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Chase race number five was definitely a night some would like to forget. It was a night of surprises and disappointments for several Chasers and an overall good night for others. Had it not been for an accident later in the race, Jimmie Johnson would still be sitting comfortably in the top five just a few points back. Instead, he and his #48 team have their work cut out for them over the next few weeks, just to stay in contention.
Yes, it was an eventful night for the Chasers and there was quite a bit of points position swapping, but that’s what makes this year’s Chase as interesting as it is. From this fan’s view, it just goes to show, when NASCAR makes a change it’s usually good for the sport, no matter what people thought of it when they did it. (In case you’re wondering, yes, I am talking about the changes made to the points system this year. It has probably been the biggest contributor to the excitement level, not only for the Chase itself, but all year long as well.)
Just for a moment, let’s take a look at the bottom four spots in the top twelve…
Unfortunately for Denny Hamlin, I think it is all over but the shouting for him to be in contention for the Cup. He is basically three full races behind the front runners and for him to have any kind of shot at all would mean he has to finish first while the top four or five all finish as close to last as possible at the same time. (Does that sound as impossible to you as it does to me? Yeah… that’s what it thought you’d say.)
Even though it is true Denny Hamlin has been in the last spot for the Chase all along, Jeff Gordon has been doing his level best to take that twelfth spot away from him. I have to admit, I didn’t expect him to be mired this close to finishing last in the top twelve for the Chase, but their luck (or something else) changed when they hit the Chase races and the #24 team just hasn’t been competitive so far.
Ryan Newman hasn’t been that much better and he is another one that has been running consistently in the middle to the back of the pack and just can’t seem to catch a break. It isn’t that his cars haven’t been fast, they just haven’t been fast enough and he hasn’t been able to be there at the end of the races.
Dale Jr is actually moving up in the points, (or maybe I should say the other three I just mentioned are falling back faster than he is,) and, though it is good to see him in the Chase, it would be better to see him be more competitive. Over all, he has had a fairly big turn-around this year, but from my view, he just isn’t strong competitively yet. In fact, I’ll say this, none of the Hendrick cars are looking all that consistent when it comes to being competitive in the Chase and that is unusual. From my view, it looks like the competition has caught up to them along with the fact all of the NASCAR Cup teams are running within tenths of a second of each other from the fastest to the slowest and that makes it hard for anyone to dominate. It only takes being a little off for a weekend and it usually means finishing way back in the pack.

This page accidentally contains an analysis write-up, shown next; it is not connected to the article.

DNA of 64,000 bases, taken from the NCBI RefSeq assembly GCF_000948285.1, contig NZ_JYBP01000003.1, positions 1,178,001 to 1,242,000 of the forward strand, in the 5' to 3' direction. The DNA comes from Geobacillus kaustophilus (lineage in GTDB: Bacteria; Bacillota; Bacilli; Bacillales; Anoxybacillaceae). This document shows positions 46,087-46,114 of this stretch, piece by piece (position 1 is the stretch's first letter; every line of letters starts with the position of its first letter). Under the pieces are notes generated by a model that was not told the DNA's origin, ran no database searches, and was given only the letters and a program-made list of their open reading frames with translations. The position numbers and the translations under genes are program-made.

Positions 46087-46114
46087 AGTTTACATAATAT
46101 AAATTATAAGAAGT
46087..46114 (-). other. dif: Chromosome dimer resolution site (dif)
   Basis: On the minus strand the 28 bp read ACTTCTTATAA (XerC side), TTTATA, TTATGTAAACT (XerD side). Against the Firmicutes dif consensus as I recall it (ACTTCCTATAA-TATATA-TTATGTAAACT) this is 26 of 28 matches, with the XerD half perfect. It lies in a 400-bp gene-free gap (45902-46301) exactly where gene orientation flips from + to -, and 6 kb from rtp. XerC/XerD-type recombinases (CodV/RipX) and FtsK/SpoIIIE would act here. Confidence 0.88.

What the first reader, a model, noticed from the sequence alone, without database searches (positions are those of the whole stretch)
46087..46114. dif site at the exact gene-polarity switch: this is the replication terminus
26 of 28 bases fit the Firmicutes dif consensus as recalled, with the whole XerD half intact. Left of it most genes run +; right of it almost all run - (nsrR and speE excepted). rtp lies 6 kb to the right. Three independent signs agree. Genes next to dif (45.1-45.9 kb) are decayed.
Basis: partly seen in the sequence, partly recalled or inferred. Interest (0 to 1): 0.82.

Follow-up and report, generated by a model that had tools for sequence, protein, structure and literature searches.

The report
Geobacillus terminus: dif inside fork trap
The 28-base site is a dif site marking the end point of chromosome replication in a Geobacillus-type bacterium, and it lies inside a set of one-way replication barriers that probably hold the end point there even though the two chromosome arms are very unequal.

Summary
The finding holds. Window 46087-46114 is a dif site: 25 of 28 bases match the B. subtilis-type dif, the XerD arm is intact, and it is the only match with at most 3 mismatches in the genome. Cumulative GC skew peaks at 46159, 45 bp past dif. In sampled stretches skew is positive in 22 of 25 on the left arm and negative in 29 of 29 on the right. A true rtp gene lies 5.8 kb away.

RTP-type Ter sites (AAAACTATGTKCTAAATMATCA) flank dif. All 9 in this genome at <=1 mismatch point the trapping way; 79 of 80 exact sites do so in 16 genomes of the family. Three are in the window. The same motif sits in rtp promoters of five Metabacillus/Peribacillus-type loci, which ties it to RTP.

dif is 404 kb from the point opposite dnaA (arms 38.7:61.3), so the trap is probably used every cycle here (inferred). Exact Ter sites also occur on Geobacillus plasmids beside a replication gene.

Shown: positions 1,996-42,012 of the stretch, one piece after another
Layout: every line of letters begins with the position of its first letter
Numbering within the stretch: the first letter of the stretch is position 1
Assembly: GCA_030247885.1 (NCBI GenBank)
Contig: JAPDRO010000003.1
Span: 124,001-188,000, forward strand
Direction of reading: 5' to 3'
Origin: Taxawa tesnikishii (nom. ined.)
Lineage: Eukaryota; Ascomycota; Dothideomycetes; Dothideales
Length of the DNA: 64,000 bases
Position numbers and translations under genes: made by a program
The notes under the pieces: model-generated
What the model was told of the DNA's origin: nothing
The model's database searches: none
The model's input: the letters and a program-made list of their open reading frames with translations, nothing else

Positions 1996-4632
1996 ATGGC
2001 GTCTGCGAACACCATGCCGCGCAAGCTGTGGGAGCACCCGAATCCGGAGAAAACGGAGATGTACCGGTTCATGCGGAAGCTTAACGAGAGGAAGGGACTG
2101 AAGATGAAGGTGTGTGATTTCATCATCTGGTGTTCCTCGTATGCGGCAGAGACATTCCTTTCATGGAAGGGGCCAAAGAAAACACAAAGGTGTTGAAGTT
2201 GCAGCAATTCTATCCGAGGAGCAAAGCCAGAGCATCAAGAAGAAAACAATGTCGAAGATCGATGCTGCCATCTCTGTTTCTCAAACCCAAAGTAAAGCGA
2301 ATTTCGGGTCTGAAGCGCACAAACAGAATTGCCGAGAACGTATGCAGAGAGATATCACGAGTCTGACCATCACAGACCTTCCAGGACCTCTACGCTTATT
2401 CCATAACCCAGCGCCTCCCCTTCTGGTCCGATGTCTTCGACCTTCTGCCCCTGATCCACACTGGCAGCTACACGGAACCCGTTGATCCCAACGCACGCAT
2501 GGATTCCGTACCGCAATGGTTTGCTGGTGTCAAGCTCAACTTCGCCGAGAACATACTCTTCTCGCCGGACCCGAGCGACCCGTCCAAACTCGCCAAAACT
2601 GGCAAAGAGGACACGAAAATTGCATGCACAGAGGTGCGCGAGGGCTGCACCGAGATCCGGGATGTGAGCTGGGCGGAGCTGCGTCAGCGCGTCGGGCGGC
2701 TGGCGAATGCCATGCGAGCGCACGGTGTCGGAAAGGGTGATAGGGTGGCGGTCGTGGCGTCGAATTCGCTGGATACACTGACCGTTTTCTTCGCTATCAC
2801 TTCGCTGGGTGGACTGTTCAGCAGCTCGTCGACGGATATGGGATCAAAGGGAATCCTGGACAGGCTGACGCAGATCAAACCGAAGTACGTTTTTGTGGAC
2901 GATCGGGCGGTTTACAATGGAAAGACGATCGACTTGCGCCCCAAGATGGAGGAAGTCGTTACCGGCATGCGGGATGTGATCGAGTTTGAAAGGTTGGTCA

From this fan’s view, for Gordon, Newman and Earnhardt to have any kind of chance at all for winning the Cup, or even coming close, there just about has to be a total reversal of the way they’ve been finishing and the way the top runners have. With five races to go, it is an overwhelming task but not completely out of the realm of possibilities. With Talladega and Martinsville next on the schedule, anything is possible, but, unless something really extraordinary happens over the next two weeks, I’m not getting too excited for them.
Jimmie Johnson is the interesting story for this week. He has a car that could have possibly won and was running… well… okay, at the time of his duel with the wall, (and the wall won , by the way), but a pit road decision for four tires by Chad Knaus seemed to dig them a bit of a hole they never quite dug out of. It seemed to this fan track position was more important than tires and being in dirty air seemed to have more negative consequences than usual for more than just the #48 team. If they hadn’t been in the position they were in, he may have never had his confrontation with the wall. (I know, that sounds rather cliché, but it is true…)
Jimmie Johnson’s hard contact with the wall was a testament to the safety measures NASCAR has put into effect for driver safety over the last ten years, in particular, since Dale Sr’s fatal accident and it was another one that a NASCAR driver walked away from.
Our hearts and prayers go out to the family and friends of Dan Wheldon. The racing world lost a great one in the accident at Las Vegas. Although it is a tragedy, it is also a time for all race fans to pull together and support the Wheldon family as best we can. It is also a time for finding out how to make the Indy cars and all race cars safer than they already are. Racing is a dangerous sport and those that are close to it are very familiar with the risks involved. No one should take for granted the safety features built into race cars and we all need to remember and appreciate just how dangerous a sport auto racing is.
See ya next time…
All views expressed are strictly the opinion of the writer
© October 19, 2011 – all rights reserved
Rusty Norman and Nascarfansview.com
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